The Need for Disability Positive Recruiting


The other day, I found out that an event on disability and employment aimed at employers and recruiters, at which I was supposed to provide the keynote address, was cancelled due to lack of employer and recruiter interest. Now I will say right off the top that there could be a multitude of reasons for these low numbers, from other commitments already in people's calendars to a limited budget for advertising. But we cannot ignore the possibility that some of the recruiters or employers, subconsciously in all likelihood, do not see the value in attending a disability recruitment event.

Now it is important to recognize in saying this that there are many recruiters who do recognize that value and will actively seek out candidates with disabilities for their roles. But far too many, in my view, remain hesitant around the concept of disability and what extra steps would be involved in onboarding a potential recruit who is physically, mentally or socially 'different'. And I do not blame them for this. Its only in the last thirty-ish years that disabled job seekers have been out there at all, and recruiting (full disclosure here, going on what I've heard rather than personal experience) is often a game of numbers...focusing on quick wins and tangible results. Disability has yet to gain a foothold for a lot of recruiters and employers.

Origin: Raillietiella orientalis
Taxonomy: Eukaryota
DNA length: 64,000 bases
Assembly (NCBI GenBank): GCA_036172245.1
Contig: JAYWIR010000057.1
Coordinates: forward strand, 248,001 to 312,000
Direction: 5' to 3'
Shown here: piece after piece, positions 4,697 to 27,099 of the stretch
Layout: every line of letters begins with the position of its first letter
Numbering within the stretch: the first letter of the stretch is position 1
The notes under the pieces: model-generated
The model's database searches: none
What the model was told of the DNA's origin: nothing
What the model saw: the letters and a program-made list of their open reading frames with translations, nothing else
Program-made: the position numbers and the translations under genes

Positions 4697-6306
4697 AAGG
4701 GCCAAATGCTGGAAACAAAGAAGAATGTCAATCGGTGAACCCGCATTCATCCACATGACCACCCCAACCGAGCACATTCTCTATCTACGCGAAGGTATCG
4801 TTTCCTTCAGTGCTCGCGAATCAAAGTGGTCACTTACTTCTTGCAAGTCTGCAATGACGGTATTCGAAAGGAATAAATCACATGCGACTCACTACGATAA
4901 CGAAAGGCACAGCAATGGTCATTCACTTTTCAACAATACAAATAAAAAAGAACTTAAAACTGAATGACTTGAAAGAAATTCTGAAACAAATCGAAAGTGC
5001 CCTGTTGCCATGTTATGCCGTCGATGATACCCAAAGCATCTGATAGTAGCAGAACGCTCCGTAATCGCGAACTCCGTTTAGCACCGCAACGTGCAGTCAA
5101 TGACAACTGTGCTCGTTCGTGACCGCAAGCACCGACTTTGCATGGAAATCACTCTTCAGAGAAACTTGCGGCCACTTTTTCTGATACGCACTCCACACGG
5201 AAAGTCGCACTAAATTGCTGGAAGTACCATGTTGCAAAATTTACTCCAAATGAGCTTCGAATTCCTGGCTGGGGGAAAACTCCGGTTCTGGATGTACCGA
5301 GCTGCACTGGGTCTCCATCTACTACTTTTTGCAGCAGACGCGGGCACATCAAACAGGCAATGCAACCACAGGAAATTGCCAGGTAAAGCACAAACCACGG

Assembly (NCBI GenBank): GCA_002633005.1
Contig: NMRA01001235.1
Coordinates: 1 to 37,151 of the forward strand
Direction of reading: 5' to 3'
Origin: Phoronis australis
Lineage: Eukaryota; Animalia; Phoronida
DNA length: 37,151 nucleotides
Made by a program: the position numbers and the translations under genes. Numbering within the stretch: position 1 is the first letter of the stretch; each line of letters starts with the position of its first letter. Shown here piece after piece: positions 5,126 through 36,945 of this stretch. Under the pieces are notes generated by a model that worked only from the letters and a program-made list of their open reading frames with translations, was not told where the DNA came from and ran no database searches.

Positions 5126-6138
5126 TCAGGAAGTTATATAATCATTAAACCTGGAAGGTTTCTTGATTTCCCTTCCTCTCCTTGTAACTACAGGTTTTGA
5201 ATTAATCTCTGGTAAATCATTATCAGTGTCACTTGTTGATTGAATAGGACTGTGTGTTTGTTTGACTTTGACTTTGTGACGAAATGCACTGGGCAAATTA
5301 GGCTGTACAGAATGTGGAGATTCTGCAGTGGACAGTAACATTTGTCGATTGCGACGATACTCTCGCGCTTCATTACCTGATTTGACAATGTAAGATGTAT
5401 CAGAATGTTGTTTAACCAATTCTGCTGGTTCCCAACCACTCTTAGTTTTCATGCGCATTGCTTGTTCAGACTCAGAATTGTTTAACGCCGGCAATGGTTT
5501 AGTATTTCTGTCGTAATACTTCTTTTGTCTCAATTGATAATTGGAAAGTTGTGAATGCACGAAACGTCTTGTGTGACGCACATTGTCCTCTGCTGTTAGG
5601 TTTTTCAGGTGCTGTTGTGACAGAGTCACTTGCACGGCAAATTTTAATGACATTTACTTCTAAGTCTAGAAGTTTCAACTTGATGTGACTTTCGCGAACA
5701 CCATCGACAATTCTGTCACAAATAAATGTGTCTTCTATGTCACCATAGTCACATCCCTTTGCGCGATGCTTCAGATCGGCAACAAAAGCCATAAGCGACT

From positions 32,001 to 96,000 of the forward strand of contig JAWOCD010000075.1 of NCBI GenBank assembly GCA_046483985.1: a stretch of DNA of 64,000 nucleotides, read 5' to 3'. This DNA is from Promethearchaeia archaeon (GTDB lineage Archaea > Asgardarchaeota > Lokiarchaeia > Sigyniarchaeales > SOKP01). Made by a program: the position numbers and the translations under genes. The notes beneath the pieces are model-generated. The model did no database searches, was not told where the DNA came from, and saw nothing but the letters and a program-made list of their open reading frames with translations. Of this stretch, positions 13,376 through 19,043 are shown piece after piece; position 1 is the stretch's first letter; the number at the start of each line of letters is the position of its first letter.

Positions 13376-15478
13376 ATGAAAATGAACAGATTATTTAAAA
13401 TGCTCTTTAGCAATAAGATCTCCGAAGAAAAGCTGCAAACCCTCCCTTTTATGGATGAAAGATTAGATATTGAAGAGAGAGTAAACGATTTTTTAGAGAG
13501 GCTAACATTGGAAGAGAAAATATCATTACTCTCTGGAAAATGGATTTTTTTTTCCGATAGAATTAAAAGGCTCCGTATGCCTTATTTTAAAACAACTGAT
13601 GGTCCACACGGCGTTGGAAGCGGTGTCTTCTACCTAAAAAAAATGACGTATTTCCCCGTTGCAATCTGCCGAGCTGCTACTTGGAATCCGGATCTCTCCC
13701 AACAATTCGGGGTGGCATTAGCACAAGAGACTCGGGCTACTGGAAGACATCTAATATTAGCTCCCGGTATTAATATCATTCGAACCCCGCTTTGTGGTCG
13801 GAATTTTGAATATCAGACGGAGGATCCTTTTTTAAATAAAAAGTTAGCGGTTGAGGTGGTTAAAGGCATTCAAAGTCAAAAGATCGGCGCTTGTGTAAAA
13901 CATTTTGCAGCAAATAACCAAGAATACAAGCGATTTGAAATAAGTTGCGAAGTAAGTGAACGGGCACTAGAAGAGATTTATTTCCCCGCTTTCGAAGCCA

But here's the good news. We have an opportunity to change that. With diversity becoming a less scary concept, and more employers starting to recognize the assets of disability, recruiters - especially those who remain hesitant around disability - are eventually going to start to take notice of the opportunity that is presented here. And to help them get there, here are a few things those of us with an interest in this stuff can do...

  1. Talk to Recruiters: I know I started off this blog by saying an event was cancelled, but the more we can just talk to recruiters and put ourselves forward as examples, the less problems we'll have with low turnout. Spread the message far and fast and make it sound good.

  2. Provide Fresh Resources: The problem with a lot of the content and training tools that are out there is that its repetitive and seems outdated in some cases - and I say that knowing that creating engaging content is not an easy task. But if we think about what grabs people's attention these days, it's dynamic, fresh and exciting content that uses evolving technology to its advantage. Those of us interested in the disability employment movement need to 'brand' the problem in a way that recruiters want to look at.

  3. Educate, Don't Isolate: The biggest mistake we can make here is admonishing or otherwise isolating recruiters or employers who are hesitant around disability and difference. As I said, I don't blame them for their perceptions and I think that we need to acknowledge some of the challenges they face. Provide them tools and training, but do it in a way that appreciates their expertise as well. The more adversarial, they less likely they are to want to help.

To me, my recently cancelled keynote address is as clear a sign as I've had in ages that we still have a long way to go. Disability positive recruiting is not just about recognizing the assets inherent in disability but equally about supporting those who recruit and hire. They have, in some ways, the best chance to close the employment gap and so we need to whatever we can to empower them to succeed.

Tim Rose